- Employers should modify office workstations and improve office ventilation, the Centers for Disease Control and Prevention (CDC) said in a May 27 guidance.
- Specifically, employers should make changes so employees can remain six feet apart, the agency said; transparent barriers can be used where social distancing is not an option, it said. And when it comes to ventilation, employers can increase the percentage of outdoor air in offices and improve central air filtration, among other things.
- The CDC guidance for employers with offices also included detailed recommendations regarding common areas, office visitors, cleaning and employee symptom checks.
As some employers begin to recall workers to the office, HR pros may find themselves involved in developing a reopening plan.
In addition to planning for facilities changes, some employers are weighing temperature checks and on-site testing — both of which have been approved by federal authorities. Others are devising mask policies, staggering shifts or moving away from a commitment to on-site work.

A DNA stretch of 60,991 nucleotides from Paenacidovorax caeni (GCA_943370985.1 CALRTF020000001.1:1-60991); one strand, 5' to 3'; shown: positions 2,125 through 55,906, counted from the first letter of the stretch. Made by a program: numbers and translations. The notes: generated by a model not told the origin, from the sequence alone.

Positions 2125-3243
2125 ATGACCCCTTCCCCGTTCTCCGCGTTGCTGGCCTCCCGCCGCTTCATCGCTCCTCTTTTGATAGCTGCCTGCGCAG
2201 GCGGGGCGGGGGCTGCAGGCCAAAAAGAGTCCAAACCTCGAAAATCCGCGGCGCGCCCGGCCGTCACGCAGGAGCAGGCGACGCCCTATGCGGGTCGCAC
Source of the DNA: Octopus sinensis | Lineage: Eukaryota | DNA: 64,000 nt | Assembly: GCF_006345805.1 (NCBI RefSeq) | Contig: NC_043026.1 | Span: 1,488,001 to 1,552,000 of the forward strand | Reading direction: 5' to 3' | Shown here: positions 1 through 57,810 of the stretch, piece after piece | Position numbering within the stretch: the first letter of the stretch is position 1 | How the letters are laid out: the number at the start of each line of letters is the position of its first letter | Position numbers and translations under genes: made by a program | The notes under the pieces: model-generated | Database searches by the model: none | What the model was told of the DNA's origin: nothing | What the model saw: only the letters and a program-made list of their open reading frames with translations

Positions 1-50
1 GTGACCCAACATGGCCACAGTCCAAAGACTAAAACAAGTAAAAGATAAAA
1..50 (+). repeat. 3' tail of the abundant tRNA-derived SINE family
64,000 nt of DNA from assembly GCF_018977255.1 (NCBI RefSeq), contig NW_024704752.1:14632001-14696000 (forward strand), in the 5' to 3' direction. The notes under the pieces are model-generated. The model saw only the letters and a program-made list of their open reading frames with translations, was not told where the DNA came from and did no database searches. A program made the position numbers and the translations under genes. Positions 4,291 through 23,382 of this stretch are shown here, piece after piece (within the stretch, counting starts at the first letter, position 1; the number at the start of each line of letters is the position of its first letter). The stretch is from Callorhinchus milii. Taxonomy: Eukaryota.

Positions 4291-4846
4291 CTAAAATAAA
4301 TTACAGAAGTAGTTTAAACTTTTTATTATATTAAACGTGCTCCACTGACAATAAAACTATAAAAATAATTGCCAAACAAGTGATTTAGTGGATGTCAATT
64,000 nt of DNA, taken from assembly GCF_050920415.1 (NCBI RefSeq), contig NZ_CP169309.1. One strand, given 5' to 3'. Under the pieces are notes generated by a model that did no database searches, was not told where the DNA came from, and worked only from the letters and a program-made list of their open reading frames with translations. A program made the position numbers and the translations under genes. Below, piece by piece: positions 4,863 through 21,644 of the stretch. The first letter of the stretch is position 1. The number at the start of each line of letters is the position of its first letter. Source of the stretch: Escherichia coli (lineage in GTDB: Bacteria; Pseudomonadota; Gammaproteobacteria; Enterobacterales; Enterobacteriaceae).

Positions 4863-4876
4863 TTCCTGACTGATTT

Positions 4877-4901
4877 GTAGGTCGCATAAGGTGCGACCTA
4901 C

Employment attorneys recommended in a recent webinar that, regardless of approach, HR lobby for a phased ramp up, as a pilot program can allow employers to troubleshoot any unpredicted issues. They cautioned, however, that as with testing, any such programs cannot disproportionately affect workers in a protected class.
Additionally, transparent communication is key, experts previously told HR Dive. Employers will need to address any employee fears about returning to work, and be clear about the terms of employment, Kathleen Caminiti, a partner at Fisher Phillips and co-chair of the firm's wage and hour and pay equity practice groups, said. Employees being called back after a furlough, for example, should know exactly what they'll be receiving upon return. Be clear but thoughtful, she advised.